Cayman 27 – ARCHIVE
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Ever wondered how much you could make working in management for government companies?

In the 18 month period between 2016 to 2017, personnel at Cayman’s Health Services Authority were paid a whopping $91 million.

That was just one of the figures in the Auditor General’s latest public interest report, which broke down how key management personnel in Statutory Authorities and Government Companies were remunerated and included compensation paid to board members.

It comes on the back of the report’s revelation that the section relating to a standardised pay scale for these bodies was not implemented with the rest of the law in June last year and has instead been deferred to June 2019.

Of the $249 million dollars paid to staff in Statutory Authorities and Government Companies (SAGCs) over 18 months up to December 2017,  $210 million went to large SAGCs, that is those with 75 employees or more, which represents 84% of the total amount.

So, who are those bodies? And how do they compare to each other?

The highest total remunerations among those large SAGCs were to be found at the Health Services Authority, which received over $91 million over that 18-month period.

The lowest went to the National Roads Authority with more than $5 million.

That did tally with the number of employees at both organisations: 851 at the HSA and 90 at the NRA.

Now, compare the figures for all staff versus the key management personnel; at the HSA, the average monthly remuneration was close to $6,000. But for those in management… double that figure and then add some, at almost $13,500.

Board compensation varied too across SAGCs.

Some who sat on boards provided their services for free, while others received up to $4,500 dollars/month.

Again, there was inconsistency in the compensation, with some receiving a monthly sum, while others were paid per meeting attended.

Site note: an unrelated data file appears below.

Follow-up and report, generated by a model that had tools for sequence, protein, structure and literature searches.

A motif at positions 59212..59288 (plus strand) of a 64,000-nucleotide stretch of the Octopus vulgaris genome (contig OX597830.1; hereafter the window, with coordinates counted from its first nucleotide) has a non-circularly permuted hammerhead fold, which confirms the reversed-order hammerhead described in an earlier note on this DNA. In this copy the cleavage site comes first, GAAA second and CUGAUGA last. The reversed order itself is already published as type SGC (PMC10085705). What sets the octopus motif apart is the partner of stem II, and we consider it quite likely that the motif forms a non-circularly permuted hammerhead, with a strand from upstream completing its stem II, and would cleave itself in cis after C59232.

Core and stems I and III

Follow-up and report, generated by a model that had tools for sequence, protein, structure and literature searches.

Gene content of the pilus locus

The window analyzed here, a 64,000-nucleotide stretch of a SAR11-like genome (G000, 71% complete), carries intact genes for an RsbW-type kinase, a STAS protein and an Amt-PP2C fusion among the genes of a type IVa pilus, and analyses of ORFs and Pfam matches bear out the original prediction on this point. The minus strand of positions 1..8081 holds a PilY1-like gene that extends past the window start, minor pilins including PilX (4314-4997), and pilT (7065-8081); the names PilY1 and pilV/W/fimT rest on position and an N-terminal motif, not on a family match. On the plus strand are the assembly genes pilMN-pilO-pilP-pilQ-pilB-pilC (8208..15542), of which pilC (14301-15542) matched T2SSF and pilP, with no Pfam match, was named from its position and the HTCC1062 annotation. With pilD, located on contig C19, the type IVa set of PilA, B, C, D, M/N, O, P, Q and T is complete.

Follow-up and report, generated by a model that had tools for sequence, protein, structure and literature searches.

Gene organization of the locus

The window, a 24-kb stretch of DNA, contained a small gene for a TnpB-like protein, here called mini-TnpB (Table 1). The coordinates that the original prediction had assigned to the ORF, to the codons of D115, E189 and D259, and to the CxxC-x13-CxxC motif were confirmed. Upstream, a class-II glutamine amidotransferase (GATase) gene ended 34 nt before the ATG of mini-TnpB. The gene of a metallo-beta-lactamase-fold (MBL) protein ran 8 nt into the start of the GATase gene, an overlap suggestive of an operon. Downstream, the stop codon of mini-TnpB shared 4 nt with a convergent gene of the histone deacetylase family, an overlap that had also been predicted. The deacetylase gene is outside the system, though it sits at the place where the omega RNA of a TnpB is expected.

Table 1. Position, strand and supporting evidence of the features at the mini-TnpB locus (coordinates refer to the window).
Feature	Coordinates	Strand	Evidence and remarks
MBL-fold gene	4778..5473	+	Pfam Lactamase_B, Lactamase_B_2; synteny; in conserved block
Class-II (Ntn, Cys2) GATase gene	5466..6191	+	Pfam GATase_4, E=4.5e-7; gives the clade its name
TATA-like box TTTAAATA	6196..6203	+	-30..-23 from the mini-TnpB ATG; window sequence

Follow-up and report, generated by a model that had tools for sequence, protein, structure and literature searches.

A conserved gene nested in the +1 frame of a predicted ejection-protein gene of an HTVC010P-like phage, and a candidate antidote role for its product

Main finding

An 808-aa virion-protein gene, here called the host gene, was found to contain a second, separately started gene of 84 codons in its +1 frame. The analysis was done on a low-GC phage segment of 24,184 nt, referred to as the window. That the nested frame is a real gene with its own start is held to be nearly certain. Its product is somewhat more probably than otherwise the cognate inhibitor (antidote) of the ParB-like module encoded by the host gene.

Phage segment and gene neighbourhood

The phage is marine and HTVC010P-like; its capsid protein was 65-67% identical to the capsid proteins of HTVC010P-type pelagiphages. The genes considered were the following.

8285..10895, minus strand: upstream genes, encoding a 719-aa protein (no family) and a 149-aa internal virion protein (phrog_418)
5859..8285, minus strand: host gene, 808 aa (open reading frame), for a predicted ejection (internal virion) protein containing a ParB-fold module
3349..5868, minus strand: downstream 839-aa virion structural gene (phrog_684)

Because this was a public interest report, rather than a performance or financial audit, the Auditor General’s office did not provide an opinion or offer recommendations.

But, once the report comes before the LA, the Public Accounts Committee will be able to consider the information contained within it.—FINAL.pdf

About the author

Caroline James

Caroline James

Caroline joined Cayman 27 in September 2018 after seven years working for Sky News in London, both as a Producer on the World News programme and, latterly, as News Editor on the Foreign Desk, where she led coverage on the ground of stories as diverse as the 2016 US Election, corruption allegations surrounding FIFA and The Oscars. Before this, she worked as a Producer for Associated Press Television News (APTN) for two years, based in their London headquarters. Caroline graduated with a BA Hons degree in Arabic, French and German from Durham University, before gaining an MA in Television Journalism with distinction at City University, London. When not hunting down stories in Cayman, she can be found playing tennis, practicing Bikram yoga or enjoying a beer on Seven Mile Beach. You can reach Caroline at or 326-2243.

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